Year Of The Villain: Lex Luthor #1 is a strong collaborative effort that is a true celebration of one of the most complex villains in the DC mythos. Written by Jason Latour with pencils from Bryan Hitch, inks from Hitch and Andrew Currie, color art by Tomeu Morey, and letters from Tom Napolitano Year Of The Villain: Lex Luthor #1 doesn’t add much to the existing Luthor canon, but instead explores what makes the character so memorable and malleable.
Year Of The Villain Lex Luthor #1 begins with a super-powered multiverse traveling Lex Luthor as he confronts each universe’s version of himself. Until the end it is unclear what his purpose exactly is, but when it is revealed it is the most Lex Luthor utilitarian reasoning ever.
We do get some introspection from several Luthor’s as they interact with their traveling counterpart. Perhaps the most interesting encounter is with the Luthor and “Superman” from Earth-32. In this universe, Lex has somehow become the “Batman” figure even including an Alfred and the Superman is part, Martian. It’s a fun twist to the symbiotic relationship of Superman and Lex, but in this universe, Batman-Lex is partners with the Martian Superman instead of enemies.
Batman-Lex comments mid-fight that he recognizes the traveling Luther’s attack plan because it would have been his method if Batman-Lex never fostered his relationship with Superman. There are other moments such as this that punctuate Latour’s script, offering strong insight into how far the main Luthor has fallen from humanity. Some of the encounters can seem pointless or meandering, as they don’t add anything revelatory to the Luthor character, but that can be said of the entire chapter throughout. Year Of The Villain: Lex Luthor #1 is a fine entry for the character, but it is hardly essential reading.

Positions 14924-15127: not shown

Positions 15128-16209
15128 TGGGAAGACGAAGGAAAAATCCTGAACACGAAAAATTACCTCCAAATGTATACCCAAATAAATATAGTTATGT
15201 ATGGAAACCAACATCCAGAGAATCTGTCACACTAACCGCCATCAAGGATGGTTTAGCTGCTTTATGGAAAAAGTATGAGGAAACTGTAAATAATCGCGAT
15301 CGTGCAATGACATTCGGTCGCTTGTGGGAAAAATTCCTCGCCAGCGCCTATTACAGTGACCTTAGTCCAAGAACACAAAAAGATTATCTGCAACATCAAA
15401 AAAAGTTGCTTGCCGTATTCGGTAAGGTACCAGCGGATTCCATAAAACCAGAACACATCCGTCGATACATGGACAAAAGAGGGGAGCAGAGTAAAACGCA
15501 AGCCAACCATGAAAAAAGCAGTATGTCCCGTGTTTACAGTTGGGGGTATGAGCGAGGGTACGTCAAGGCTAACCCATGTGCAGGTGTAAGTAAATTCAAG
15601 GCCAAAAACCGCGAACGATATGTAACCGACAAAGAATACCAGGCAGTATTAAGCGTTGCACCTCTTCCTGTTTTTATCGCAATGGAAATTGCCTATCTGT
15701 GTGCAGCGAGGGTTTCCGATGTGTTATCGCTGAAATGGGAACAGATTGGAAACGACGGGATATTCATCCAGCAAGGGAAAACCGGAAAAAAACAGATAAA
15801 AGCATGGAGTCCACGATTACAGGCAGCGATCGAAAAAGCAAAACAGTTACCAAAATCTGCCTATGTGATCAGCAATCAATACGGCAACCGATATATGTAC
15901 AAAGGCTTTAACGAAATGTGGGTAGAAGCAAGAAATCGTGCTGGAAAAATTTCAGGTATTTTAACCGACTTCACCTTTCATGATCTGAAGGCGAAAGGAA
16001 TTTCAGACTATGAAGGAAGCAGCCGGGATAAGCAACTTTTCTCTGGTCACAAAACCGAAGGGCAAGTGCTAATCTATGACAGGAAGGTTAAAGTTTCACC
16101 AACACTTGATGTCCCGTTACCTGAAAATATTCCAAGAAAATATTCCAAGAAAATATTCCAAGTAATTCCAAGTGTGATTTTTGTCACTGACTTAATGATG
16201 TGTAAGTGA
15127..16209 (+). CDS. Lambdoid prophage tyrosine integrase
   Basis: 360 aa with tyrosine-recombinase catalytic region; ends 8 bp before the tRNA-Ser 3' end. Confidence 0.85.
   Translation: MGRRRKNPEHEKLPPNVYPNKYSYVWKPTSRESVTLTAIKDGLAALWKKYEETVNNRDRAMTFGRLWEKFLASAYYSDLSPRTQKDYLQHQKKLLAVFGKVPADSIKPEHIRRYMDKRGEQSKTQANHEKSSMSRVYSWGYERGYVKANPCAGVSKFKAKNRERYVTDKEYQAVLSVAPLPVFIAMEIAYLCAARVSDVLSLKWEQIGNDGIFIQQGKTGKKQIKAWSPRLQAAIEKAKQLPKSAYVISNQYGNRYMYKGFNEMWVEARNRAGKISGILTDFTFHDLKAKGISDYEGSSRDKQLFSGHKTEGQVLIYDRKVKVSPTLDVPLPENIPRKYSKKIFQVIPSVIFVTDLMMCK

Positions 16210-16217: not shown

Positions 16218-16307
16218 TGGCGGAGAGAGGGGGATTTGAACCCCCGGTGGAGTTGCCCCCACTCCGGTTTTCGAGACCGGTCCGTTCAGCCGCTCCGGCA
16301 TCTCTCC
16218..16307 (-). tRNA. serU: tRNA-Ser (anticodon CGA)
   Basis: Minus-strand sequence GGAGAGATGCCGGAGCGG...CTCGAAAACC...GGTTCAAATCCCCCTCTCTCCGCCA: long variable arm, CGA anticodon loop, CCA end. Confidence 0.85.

The entire art team is consistently well-executed throughout the chapter, as Bryan Hitch’s pencils and inks, as well as Andrew Currie’s inks, Tomeu Morey’s colors, and Tom Napolitano, are the standout of the issue. The linework is detailed and thorough, and the inks and colors are sleek and shiny. I feel that there was a missed opportunity somewhere, though. In an ideal world, they could have hired individual creative teams to depict different universes truly giving each iteration it’s own style and feel. Despite this, this generalized style still works for each universe, as it looks cold and specific, probably the way this overpowered Luthor sees everything.
This style is also exceptional in the action sequences and splash panels. The level of detail in the figure work is impressive as it gives each bicep weight and impact. Specific mention has to be made of the Luther-Doomsday who looks horrifyingly imposing as he jumps towards you in the page. Also, in a later scene in which a character is getting vaporized, the use of colors and letters really sells the vaporized characters pain and feelings of betrayal. The fluorescent ice-cold blue smoke that lifts from the character’s decomposing body contradicted with the yellowish-orange guttural howl from the character is iconic.
Year Of The Villain: Lex Luthor #1 is a fine addition to the DC catalogs. Jason Latour’s script is thorough and entertaining, and the entire art team consisting of Bryan Hitch, Andrew Currie, Tomeu Morey, and Tom Napolitano is stellar. While Year Of The Villain: Lex Luthor #1 feels far from essential, it is entertaining enough to merit itself.